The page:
Updated at 3 a.m. ET Thursday
The U.S. women's hockey team owns Olympic gold for the first time in 20 years, after breaking Canada's remarkable streak of success in a gripping final at the Pyeongchang Winter Olympics. The only previous U.S. win had come in the tournament's first year, in 1998.
When the American women finally received their gold medals, they were placed on their necks by former player Angela Ruggiero, who was on the last U.S. Olympic team to win it all.
This game was far from easy — for the players on either side, and for their fans. Regulation time had ended with a 2-2 tie, and when a 20-minute overtime didn't produce a sudden-death goal, a penalty shootout also ended in a 2-2 tie. That sent it to a sudden-death shootout to decide who would wear gold.
Canada had taken the first shot in the first round of the shootout, and to lead off the second, the U.S. sent Jocelyne Lamoureux-Davidson skating out.
"The last shootout against Canada, I looked like an idiot," Jocelyne Lamoureux-Davidson said after the game.
But since that past failure, the American said, she has been working on her penalty shots — and it showed on Thursday.
Starting from center ice, Lamoureux-Davidson used some artful stick handling to get the puck around and past Canada's goalie, changing directions several times. It confounded Canada's goalie Shannon Szabados, who had shone in this game.
That left it to U.S. goalkeeper Maddie Rooney, 20, to withstand the pressure and make one last save — against one of the most adept scorers in the game, in Canada's Meghan Agosta, a veteran who began her Olympics career in 2006. When Rooney foiled Agosta's shot, both the game and the U.S. gold drought were over, after three hours of intense and physical play and tension at the Gangneung Hockey Center.
"We worked on this a lot. I was basically trying to do the same thing [as on her first, successful try in the shootout], but she was out too far," Agosta said later. "It just so happened it didn't work out the way I wanted it to."
"I just reacted to her and then everything kind of went into a blur," Rooney said. "When she cut across like that, a lot of people tend to go five hole so I kind of anticipated it."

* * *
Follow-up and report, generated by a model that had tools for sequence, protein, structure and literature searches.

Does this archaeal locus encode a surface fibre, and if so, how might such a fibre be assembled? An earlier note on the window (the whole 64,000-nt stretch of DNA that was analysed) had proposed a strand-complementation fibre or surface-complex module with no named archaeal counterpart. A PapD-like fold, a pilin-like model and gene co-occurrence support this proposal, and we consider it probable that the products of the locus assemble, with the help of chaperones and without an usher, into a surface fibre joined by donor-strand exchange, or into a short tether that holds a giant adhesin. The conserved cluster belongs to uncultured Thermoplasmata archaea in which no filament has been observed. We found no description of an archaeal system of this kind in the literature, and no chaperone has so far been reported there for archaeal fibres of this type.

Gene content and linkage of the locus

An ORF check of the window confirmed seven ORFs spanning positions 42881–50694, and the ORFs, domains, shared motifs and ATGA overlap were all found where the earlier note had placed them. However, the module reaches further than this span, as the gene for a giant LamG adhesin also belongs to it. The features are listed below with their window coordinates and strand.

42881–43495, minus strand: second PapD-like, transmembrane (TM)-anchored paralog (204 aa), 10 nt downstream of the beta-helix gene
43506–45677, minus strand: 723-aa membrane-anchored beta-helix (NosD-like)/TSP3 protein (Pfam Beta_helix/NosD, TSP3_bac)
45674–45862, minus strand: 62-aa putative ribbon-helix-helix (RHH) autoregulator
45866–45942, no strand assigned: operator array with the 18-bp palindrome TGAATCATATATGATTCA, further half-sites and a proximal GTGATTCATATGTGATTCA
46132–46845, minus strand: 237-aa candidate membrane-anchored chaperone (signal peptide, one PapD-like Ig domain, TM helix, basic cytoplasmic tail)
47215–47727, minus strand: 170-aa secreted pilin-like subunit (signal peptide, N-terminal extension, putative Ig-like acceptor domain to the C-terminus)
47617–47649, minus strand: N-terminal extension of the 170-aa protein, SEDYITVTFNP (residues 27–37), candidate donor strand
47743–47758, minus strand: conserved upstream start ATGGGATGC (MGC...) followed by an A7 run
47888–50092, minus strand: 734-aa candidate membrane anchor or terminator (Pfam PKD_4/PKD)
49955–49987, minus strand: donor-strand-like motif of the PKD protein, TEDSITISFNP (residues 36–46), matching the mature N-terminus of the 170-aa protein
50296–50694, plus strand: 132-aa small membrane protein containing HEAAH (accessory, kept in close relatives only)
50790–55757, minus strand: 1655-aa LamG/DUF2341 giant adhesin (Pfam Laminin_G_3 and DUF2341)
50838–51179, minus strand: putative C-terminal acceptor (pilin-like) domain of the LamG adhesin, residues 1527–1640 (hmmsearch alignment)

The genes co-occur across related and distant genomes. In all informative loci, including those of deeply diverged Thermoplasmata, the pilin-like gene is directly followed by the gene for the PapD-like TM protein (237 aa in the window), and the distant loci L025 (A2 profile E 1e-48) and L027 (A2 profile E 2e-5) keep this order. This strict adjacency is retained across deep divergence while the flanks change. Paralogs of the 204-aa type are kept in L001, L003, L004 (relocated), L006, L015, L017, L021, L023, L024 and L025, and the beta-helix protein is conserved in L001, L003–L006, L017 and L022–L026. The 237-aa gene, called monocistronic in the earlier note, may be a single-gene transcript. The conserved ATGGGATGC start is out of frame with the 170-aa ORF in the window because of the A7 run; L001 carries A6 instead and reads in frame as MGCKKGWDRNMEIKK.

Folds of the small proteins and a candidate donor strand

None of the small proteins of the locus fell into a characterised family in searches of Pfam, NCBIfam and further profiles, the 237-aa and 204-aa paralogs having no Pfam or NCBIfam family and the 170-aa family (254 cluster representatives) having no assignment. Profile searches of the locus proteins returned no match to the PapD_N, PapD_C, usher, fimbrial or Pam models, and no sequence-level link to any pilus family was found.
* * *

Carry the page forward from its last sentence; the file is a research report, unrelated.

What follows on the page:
After she made the save, Rooney said, "Everything got into a blur, seeing my teammates sprinting at me. It's an indescribable feeling."
Her teammates were scrambling over the bench wall; gloves were flying all over the ice as the Americans finally celebrated at the end of an Olympic tournament. When they reached Rooney, they piled on.
"It was all black," the goalie said when asked to describe it. "I was on the bottom."
In shootouts, teams can choose any player to take the penalty shots. U.S. coach Robb Stauber said later, "We picked some of the right players because our players did well in the shootout. Certainly one better — and that's all it took."
U.S. forward Hilary Knight, who now has a gold medal to go with her two Olympic silvers, said: "This is an outstanding team. I think I'm sort of bittersweet right now that the journey is over just because these women are incredible and I really wish that you could be in the locker room to experience what we experienced. It's a dream come true."
For the first time in this millennium, the dream of gold died for Canada, and the pain of losing their way into a silver medal was evident on the faces of many players, who wept during the postgame ceremony. Most notably, Canada's Jocelyne Larocque took her silver medal off of her neck almost as soon as she received it.
"We were going for gold," the Canadian defender told reporters later. "We were chasing a gold medal."
Game Recap, written from the arena:
Facing their archrival, the U.S. had scored in the first period, and Canada tied it early in the second — and went ahead minutes later. After two periods, the score was 2-1; the Americans tied it in the third, forcing overtime. And that brought on the penalty shots.
After the Canadians missed, the U.S. hit home in their first turn, as Gigi Marvin scored. But then Canada answered, with Agosta sending the puck home. That made it 1-1. It went back and forth from there. Knight, who owns one of the hardest shots in women's hockey, took the final U.S. shot in that first round of five, but she was unable to get the score to end it.
For some on the U.S. team, this win quenched a long-held thirst. Monique Lamoureux-Morando, one of six American players who are at their third Olympics, said:
"It's pretty amazing. It's something that we've worked for our entire lives, especially the six of us. This is our third crack at it. To be able to come away with a win, to come from behind like we did is something special.
"We've played this game in our minds a thousand times and we've won it every single way possible. There is just something unbelievable about this time, in the locker room, just how we've been going into the third (period) being down by one, not playing our best game. We just knew, 'We're going to get it done'."
The game started at 11:10 p.m. ET Wednesday. We've updated this post with news from Gangneung Hockey Center.
The Americans' last attempt to break Canada's grip on the gold medal had ended in heartbreak, in an overtime loss in Sochi. But this thrilling win should help dispel that memory. It will also further energize an exciting rivalry between these two elite teams.
One U.S. fan at the arena today was Anna Muzzy of Seattle. After this wrenching – and, for the Americans – elating – win, she told our colleague Elise Hu that she'd seen an amazing game.
"They are both fabulous. Either one of those teams deserved to win, I am supremely happy the U.S. won because Canada has won so many years in a row," Muzzy said. "And I want to see the U.S. women get that gold and show everyone that women's sports are worth watching, worth supporting, worth spending money on, and worth just being there for as a fan."